Home Remedies For Blisters Or Leg Ulcers
- Garlic improves blood circulation. One should take 3 to 4 garlic cloves every day. Cut raw garlic into tiny pieces and put the minced pieces at the blister area for few days. Garlic powder is also available which can be sprinkled twice a day on that area.
- Vitamin C also helps in improving blood circulation and healing of leg blisters and ulcers. Richest source are guavas, red sweet peppers, parsley, turnip greens, broccoli, brussels sprouts and all fresh fruits and vegetables, especially green leafy.
- Take a full multivitamin supplement.
How Are Leg Ulcers Treated
Leg ulcers can be challenging to eliminate. Even with treatment, wounds can persist for months or sometimes years.
Treatments vary depending on the ulcer type and cause. Your healthcare provider will focus on healing the wound, reducing swelling and preventing the ulcer from coming back as it heals.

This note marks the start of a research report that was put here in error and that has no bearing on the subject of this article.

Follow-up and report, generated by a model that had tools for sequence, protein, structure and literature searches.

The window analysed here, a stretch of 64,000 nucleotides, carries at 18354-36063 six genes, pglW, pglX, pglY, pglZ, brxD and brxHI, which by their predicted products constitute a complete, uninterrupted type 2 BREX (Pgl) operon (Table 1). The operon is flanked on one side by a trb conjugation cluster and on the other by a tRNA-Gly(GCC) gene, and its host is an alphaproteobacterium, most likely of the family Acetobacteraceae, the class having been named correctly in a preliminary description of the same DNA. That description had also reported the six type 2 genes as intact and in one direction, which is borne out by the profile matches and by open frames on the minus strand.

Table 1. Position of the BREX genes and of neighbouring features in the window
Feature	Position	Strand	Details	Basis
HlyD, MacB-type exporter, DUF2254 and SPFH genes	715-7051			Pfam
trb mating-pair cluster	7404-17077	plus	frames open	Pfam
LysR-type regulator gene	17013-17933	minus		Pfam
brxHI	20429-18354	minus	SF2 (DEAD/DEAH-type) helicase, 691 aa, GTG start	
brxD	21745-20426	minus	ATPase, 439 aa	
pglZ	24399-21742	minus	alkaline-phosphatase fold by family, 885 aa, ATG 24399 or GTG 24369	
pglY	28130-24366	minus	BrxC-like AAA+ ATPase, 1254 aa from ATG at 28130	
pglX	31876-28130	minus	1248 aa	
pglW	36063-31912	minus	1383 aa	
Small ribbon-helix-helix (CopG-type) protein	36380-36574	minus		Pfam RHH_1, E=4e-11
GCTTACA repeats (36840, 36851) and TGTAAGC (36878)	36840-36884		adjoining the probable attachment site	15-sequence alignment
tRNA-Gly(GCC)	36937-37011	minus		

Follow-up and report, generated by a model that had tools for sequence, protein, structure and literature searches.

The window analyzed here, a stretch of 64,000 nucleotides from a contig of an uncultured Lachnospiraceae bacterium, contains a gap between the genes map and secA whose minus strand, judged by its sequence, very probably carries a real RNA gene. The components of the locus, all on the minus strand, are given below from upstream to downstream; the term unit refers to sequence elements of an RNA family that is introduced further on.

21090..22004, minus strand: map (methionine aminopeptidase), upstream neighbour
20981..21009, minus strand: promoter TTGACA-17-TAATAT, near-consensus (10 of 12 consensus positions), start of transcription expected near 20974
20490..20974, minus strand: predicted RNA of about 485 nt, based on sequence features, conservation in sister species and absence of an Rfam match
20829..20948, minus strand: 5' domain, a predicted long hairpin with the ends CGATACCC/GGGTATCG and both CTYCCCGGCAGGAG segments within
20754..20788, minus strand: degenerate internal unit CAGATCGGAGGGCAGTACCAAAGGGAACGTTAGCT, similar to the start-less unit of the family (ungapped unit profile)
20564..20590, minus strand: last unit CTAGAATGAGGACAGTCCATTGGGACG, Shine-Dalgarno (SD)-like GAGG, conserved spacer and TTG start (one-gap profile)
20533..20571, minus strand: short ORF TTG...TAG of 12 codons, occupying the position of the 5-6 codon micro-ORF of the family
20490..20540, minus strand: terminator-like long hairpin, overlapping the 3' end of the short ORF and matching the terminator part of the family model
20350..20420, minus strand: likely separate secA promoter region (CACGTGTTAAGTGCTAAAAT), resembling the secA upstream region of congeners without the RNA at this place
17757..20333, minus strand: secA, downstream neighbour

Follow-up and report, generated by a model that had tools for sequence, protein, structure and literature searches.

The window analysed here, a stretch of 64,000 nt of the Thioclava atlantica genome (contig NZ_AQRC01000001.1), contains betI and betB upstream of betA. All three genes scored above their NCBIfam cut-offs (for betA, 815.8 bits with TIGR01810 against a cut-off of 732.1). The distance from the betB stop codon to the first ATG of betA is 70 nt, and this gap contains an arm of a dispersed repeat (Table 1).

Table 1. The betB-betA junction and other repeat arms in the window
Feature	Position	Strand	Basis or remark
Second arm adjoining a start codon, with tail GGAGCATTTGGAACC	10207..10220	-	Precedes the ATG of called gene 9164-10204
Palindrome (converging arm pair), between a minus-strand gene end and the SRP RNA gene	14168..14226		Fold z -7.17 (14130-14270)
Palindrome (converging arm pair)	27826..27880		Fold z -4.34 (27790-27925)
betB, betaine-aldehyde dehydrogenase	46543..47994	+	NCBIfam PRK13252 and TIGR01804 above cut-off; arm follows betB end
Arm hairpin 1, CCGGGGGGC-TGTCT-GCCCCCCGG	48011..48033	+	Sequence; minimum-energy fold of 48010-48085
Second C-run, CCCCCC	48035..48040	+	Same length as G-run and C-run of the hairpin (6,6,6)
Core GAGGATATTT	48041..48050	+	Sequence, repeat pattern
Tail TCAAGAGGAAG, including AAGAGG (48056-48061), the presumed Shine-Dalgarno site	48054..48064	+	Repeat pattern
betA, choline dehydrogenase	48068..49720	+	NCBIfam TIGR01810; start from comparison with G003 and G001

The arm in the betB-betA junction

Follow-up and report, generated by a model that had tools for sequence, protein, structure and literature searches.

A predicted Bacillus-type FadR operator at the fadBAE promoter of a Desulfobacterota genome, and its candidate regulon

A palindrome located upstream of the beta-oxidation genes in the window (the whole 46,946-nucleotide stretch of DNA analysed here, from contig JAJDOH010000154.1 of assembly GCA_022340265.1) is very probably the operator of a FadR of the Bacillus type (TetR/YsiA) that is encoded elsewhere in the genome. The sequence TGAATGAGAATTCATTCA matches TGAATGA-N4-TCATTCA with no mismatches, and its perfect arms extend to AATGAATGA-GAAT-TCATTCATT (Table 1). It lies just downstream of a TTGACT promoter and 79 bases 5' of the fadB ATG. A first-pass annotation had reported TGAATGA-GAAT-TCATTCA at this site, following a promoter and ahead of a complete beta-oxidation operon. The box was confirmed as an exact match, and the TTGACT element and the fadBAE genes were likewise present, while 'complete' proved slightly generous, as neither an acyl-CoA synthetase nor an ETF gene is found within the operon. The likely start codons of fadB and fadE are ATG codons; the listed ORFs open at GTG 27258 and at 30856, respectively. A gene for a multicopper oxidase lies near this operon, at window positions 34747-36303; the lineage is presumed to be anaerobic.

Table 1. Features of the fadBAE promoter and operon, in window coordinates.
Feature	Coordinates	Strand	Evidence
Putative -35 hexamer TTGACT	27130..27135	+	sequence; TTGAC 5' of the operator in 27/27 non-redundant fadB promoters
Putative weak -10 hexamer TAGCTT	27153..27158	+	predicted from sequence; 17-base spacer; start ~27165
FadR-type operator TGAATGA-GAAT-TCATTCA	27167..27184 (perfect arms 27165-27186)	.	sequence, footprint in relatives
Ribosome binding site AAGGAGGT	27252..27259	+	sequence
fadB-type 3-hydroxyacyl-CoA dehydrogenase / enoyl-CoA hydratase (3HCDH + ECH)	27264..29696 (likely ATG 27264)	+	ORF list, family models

Leg ulcer treatments include:
- Compression therapy with stockings or bandages to stimulate blood flow to the legs.
- Leg elevation above the heart for one hour a day for at least six days.
- Wound care, including debridement , topical antiseptics to prevent infection and regular bandage changes.
- Antibiotics to treat infections and medications to open blood vessels and improve blood flow .
- Hyperbaric oxygen therapy to get more oxygen into the blood and speed healing.
- Sclerotherapy or endovascular ablation to treat varicose veins.
- Surgery to remove, repair, replace or bypass a damaged vein.
- Skin grafts for wounds larger than 4 inches or ulcers that dont heal with other treatments.
Don’t Miss: Why Does Ulcerative Colitis Happen
Guide To The Causes Of Leg Ulcers
A leg ulcer an open wound or sore that develops on an individual’s leg. Symptoms include pus at the ulcer site, increasing wound size, enlarged veins, pain at the ulcer site, heaviness in the legs, and swelling in the legs. Medical history, physical examination, CT scan, MRI scan, vascular ultrasound, and x-rays may be used to diagnose leg ulcers. The main concern when it comes to leg ulcers is the risk of developing an infection in the wound that progresses to a life-threatening blood infection.